As an African student in Britain pursuing a Master’s degree in information and library studies, I was eager to attend every seminar or presentation concerning librarianship and information science. To me, Britain was the like the Israel or Mecca of libraries. I met information professionals of all backgrounds, experience and ideas. I saw libraries built hundreds of years ago. And I saw what libraries in Africa and especially my country could look like.
Coming from a country where Libraries are simply a room that can be used for everything else apart from reading, I wanted to see how librarians in Britain were faring with storage space, job cuts and redundancy. Lucky for me, part of the course included a study tour of libraries around London. While I was very impressed with how well the libraries were organized, how innovative each library was in trying to keep its patrons satisfied and definitely how willing as information professionals they were to share their “tricks”, it was evident that the absence of job security and fear of the library becoming obsolete were looming over them.
Speaker after speaker mentioned the words “we have to remain relevant”, “we have to keep reminding our patrons that we exist” and “we began offering this service because we realized our users went out to look for it elsewhere”. For example there was an ice cream vending machine in one of the libraries. Ten years ago it was unheard of to have food in the library.
After graduation, I came back home with all these ideas about turning the library I work for into something great. I also had an idea about showing my employers that Librarians are no longer defined by the building they work in but rather people with skills to handle all aspects of information from generation, dissemination, communication, storage and if necessary selling. However, there is one thing I forgot, libraries are useless unless the population knows how to read and is interested in acquiring knowledge through reading. Many times as information professionals (in Africa to be specific), we take it for granted that if we have a library, then people will come to read. To be fair, the libraries in Academic institutions do not face this challenge as much as the public and corporate libraries.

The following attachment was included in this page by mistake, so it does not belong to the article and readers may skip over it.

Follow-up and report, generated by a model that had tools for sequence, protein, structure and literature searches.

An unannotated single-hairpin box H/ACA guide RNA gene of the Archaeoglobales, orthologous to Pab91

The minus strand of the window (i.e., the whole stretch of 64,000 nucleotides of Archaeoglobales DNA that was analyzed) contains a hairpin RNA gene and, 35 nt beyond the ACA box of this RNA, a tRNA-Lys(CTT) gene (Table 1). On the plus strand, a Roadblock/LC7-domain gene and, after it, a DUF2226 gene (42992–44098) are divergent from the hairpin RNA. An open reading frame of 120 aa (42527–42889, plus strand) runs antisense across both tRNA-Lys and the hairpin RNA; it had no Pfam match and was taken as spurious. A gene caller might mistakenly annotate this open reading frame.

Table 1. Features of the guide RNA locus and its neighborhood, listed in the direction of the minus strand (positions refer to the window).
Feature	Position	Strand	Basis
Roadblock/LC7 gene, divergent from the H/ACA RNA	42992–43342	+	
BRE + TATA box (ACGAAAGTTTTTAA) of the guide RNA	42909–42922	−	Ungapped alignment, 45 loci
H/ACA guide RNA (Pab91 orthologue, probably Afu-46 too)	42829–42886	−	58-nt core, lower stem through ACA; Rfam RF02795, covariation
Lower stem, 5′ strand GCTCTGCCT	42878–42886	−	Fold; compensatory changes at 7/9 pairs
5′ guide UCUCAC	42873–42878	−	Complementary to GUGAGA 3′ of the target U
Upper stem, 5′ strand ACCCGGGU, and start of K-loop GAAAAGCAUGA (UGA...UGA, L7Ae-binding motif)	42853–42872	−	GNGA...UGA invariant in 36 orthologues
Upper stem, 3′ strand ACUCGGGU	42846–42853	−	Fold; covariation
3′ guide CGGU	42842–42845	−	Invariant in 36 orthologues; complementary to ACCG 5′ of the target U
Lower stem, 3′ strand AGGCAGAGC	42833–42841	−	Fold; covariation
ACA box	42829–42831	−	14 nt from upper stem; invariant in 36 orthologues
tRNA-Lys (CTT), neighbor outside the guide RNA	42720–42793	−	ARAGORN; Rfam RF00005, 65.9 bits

It is only in the last four years that Adult literacy classes began to be conducted but mostly in the urban areas. And with the bulk of the population aged between 15 – 40 years, only a small percentage is able to sit down and read more than basic English. Attempts have been made to translate information into the local languages, but again very few within this age bracket can read their own languages. So why have a library when there are no patrons?
In other words, while libraries in the west are being shut down due to budget cuts (as librarians we like to blame search engines), libraries in my country are being shut down because the population is unable to use them and therefore they are redundant.
The other reason why libraries are being shut down in Sub Saharan African is that the effects of the economic meltdown are finally upon us. Many of the organisations that could afford to have libraries on their premises were relying heavily on donor funding from the western world. This means that what affects our donors, affects us too. It is unfair for us to spend money on something our donors are doing without.
One of the implications for this is that, with more corporate libraries shutting down in Sub Saharan Africa, the percentage of books being sold from the western world might go down slightly. This is because many of the books in these libraries are from the west. One might argue that book sellers continue to buy and of course individual buyers. But these are not likely to buy as many books as a library would buy at a time.
The other implication is that fewer jobs for librarians are going to be available in Sub Saharan Africa. One only has to go to LinkedIn to see how many information professionals are seeking jobs outside their countries. Alongside this is that many of them going abroad for further studies, hoping to improve their skills and remain relevant.
Maybe one of the solutions would be to have a librarian equipped with not only information literacy skills, but also the skills to teach reading and writing (as well as computer skills so we can catch up with the digital age too). This way if there is more demand for information and documentation and eventually a communal place where reading can be done, then use for the library will be realized.
Loss seems to create room for innovation, therefore as a librarian who now has to close down my library, I am thinking about acquiring skills to conduct Adult literacy classes so that I create demand for my library if ever I am able to open up another one.